Newswise — Rockville, Md. (March 4, 2020)—Research in mice suggests that an essential nutrient methionine supplement combined with radiation therapy impairs gut function to promote a life-threatening form of radiation toxicity. The study, published in the American Journal of Physiology—Gastrointestinal and Liver Physiology, highlights the importance of food and nutrition professionals as part of a cancer treatment team. The article was chosen as an APSselect article for March.

Methionine is an essential amino acid important for building protein and, in turn, muscles. People get methionine through diet: eggs, dairy products, poultry, fish, pork and sesame seeds are high in the nutrient. Amino acid supplementation—under the supervision of a doctor or registered dietician—with a single amino acid or a combination amino acid supplement has played a role in treating a life-threatening form of muscle wasting that many people with advanced cancer experience. However, past studies in animals have shown that too much methionine can harm the gastrointestinal tract and that controlled restriction of methionine in the diet may be an effective part of cancer treatment.

Radiation therapy is a primary form of cancer treatment for millions of people with the disease. Damage to the digestive system caused by radiation—a condition called gastrointestinal radiation syndrome—affects as many as 2 million cancer survivors who have had radiation. Symptoms of this complication can be life-threatening and may include nausea and vomiting, diarrhea, loss of appetite, dehydration, electrolyte imbalance and the development of body-wide infection (sepsis). To date, there is no approved treatment from the U.S. Food and Drug Administration to prevent or treat gastrointestinal radiation syndrome.

In a new study, researchers looked at the combined effects of methionine and radiation on gastrointestinal radiation syndrome in a mouse model. Mice received either one of three different doses of radiation or no radiation. After treatment, all animals were randomly divided into two new groups. One group ate a diet that provided normal levels of methionine. The other group was given a supplemented diet that delivered 300 percent of typical methionine levels, as some epidemiological studies indicate that consuming high amounts of dietary methionine is common in Western populations. The researchers found that dietary methionine supplementation resulted in development of gastrointestinal toxicity even at lower doses of radiation that previously had not been associated with radiation syndrome in mice. Alterations in gut microbiota and presence of bacterial DNA in the liver tissue suggest that the combined treatment impaired normal gut physiology, leading to gastrointestinal radiation syndrome.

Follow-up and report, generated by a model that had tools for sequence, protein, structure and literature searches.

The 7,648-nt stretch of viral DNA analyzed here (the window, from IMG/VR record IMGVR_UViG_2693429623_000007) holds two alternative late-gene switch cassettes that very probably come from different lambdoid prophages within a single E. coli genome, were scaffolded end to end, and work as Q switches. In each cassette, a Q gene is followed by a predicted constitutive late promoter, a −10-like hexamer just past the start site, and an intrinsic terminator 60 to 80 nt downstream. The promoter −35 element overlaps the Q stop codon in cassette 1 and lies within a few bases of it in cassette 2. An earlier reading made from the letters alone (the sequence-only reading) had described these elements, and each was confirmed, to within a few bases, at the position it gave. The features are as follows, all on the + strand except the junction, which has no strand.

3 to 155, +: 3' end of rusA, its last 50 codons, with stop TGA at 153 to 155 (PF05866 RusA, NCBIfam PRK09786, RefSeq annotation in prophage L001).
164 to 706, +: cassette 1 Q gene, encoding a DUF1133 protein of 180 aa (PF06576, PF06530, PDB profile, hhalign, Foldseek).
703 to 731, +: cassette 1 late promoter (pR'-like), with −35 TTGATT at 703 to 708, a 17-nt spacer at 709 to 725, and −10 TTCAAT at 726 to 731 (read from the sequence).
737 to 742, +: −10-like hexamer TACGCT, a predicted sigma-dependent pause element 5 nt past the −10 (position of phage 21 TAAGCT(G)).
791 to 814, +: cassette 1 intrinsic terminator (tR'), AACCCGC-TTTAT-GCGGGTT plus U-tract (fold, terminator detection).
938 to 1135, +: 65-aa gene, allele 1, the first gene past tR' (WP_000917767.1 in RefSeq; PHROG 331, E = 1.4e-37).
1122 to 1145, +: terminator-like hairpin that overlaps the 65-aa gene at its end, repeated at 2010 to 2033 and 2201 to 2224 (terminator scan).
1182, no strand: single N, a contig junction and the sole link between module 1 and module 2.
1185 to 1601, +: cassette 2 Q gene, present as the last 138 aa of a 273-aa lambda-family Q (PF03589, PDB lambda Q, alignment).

“This study demonstrates that dietary methionine supplementation, instead of an anticipated health promoting effect, sensitizes mice to [gastrointestinal radiation syndrome],” the researchers wrote. “These findings also speak toward increasing the role of registered dietitians during cancer therapy and the necessity of solid scientific background behind the sales of dietary supplements and claims regarding their beneficial effects.”

Read the full article, “Methionine dietary supplementation potentiates ionizing radiation-induced gastrointestinal syndrome,” published in the American Journal of Physiology—Gastrointestinal and Liver Physiology. It is highlighted as one of this month’s “best of the best” as part of the American Physiological Society’s APSselect program. Read all of this month’s selected research articles.                                                                                                            

NOTE TO JOURNALISTS: To schedule an interview with a member of the research team, please contact the APS Communications Office or call 301.634.7314. Find more research highlights in our News Room.

Physiology is the study of how molecules, cells, tissues and organs function in health and disease. Established in 1887, the American Physiological Society (APS) was the first U.S. society in the biomedical sciences field. The Society represents 9,000 members and publishes 15 peer-reviewed journals with a worldwide readership.

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